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What Foods are GMO?

by Wendy Lincoln

GMO stands for Genetically Modified Organism. It most commonly refers to foods such as crops and livestock that are genetically modified and intended for human consumption.

GMO is a hot topic of discussion because there was a fair amount of media coverage about GMO in 2012. California's prop 37, a measure that would have required GMO foods to be labeled, was a hot topic of debate. The measure ultimately failed due to heavy opposition funded by biotech companies, but it did succeed in stimulating conversation and raising awareness of GMO.


If you are wondering which foods contain GMO, the short answer is most foods in America contain GMO ingredients.

If you eat meat or dairy, you are eating GMO. Most livestock is fed GMO feed so most meats, milk, butter, eggs, cheese, and dairy products are GMO. Processed foods that contain ingredients like cornstarch, fructose, dextrose, and glucose, vegetable oil, cottonseed oil, corn, soy, canola, sugar and aspartame - are almost certainly GMO.

According to the Institute for Responsible Technology, the most highly commercialized GM (genetically modified) crops in the United States are:

» Soy - 94%

» Cotton - 90%

» Canola - 90%

» Sugar Beets - 95%

» Corn - 88%

» Hawaiian Papaya - at least 50%

» Zucchini And Yellow Squash - over 24,000 acres in cultivation

Monsanto also touts GM alfalfa crops heavily on its website, a major feed component.

Several more GM crops and foods are in development. One of the largest producers of GM crops is Monsanto. They have several new GM products in development including cucumber, tomato, pepper, broccoli, lettuce, and more corn.

Besides Monsanto, there are a plethora of biotech companies planning to release new GM foods to the market. Okanagan Specialty Fruits plans to release a non- browning apple and is developing GM peaches, cherries, and pears.

AquaBounty Technologies has already developed its own propriety breed of salmon, and are currently looking to cultivate the genetically modified fish in states such as Oregon. It is also developing trout, tilapia, and more salmon.

How to Avoid GMO?


Choose foods that are free of soy, corn, canola, cottonseed, and ingredients that sound like chemicals. Throw away corn, soy, canola, and vegetable oils. Grow your own garden and choose these foods when possible:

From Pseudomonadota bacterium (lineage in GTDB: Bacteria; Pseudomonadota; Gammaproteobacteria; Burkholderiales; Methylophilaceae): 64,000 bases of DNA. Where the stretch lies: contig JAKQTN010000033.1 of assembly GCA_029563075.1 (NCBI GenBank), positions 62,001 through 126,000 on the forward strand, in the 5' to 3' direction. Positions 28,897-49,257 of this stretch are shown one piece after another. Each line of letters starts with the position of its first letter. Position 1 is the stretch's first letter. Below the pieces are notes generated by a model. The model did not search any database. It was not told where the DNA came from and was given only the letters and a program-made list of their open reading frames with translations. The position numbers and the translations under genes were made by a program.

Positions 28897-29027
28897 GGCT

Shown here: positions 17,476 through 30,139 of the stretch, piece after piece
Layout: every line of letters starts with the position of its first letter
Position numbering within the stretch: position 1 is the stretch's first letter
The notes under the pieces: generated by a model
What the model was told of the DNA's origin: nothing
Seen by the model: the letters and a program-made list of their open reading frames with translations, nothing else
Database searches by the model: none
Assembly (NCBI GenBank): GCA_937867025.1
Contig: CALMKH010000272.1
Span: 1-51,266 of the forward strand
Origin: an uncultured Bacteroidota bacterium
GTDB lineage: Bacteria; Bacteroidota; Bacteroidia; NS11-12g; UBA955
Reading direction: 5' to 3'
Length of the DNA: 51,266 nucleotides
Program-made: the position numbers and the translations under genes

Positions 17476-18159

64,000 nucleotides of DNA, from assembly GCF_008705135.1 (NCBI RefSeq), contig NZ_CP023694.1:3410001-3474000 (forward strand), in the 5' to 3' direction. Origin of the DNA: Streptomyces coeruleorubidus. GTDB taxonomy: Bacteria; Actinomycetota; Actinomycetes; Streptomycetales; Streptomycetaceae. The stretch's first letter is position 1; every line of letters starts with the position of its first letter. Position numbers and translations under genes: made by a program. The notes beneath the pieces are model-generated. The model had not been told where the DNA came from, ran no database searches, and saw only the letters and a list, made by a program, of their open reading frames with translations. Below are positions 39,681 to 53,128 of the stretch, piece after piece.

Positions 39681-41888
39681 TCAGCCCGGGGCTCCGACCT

» Organic Foods

» Grass Fed and Free-Range Meats, especially when organic

» Olive Oil, Coconut Oil, Grapeseed Oil, and Peanut Oil (though companies are trying to develop GM, allergy free peanuts)

» Cane Sugar (always listed as "cane sugar")

» "Heirloom" Produce

What's the Big Deal?


The biggest reason to be aware of GM foods is that the primary motivation behind the foods is profits, not the benefit of humanity. GM products are engineered, patented, protected by layers of laws, then marketed as a superior product. What it actually means is that companies generate enormous profits by monkeying around with genetics (playing god?).

Genetic modification is a new, untested science. That alone is a compelling reason to be aware of GMOs. Several studies conducted around the world have found alarming results when GMOs are tested. GMOs have been linked to infertility, organ failure, and even death. Many countries around the world have banned GMOs.

We simply do not have enough data to know what modifications are safe and which ones are not. When the motivation is profits, not human welfare, we should all be concerned about the modification of the foods we eat. In the meantime, it is a good idea to avoid GMO as much as possible.

Works Cited

GMOs in food. (2010, May). Retrieved April 4, 2013, from Institute for Responsible Technology: http://www.responsibletechnology.org/gmo-basics/gmos-in-food

AquAdvantage® Fish. (n.d.). Retrieved April 4, 2013, from Aqua Bounty Technologies: http://www.aquabounty.com/products/products-295.aspx

Benson, J. (2013, April 1). Oregon set to ban GM salmon and mandate GMO labeling. Retrieved April 4, 2013, from Natural News: http://www.naturalnews.com/..._Oregon_GM_salmon_GMO_labeling.html


Our Future Products. (n.d.). Retrieved April 4, 2013, from Okanagan Speciality Fruits: http://www.okspecialtyfruits.com/our-future-products

Research & Development Pipeline. (n.d.). Retrieved April 4, 2013, from Monsanto: http://www.monsanto.com/products/Pages/research-development-pipeline.aspx


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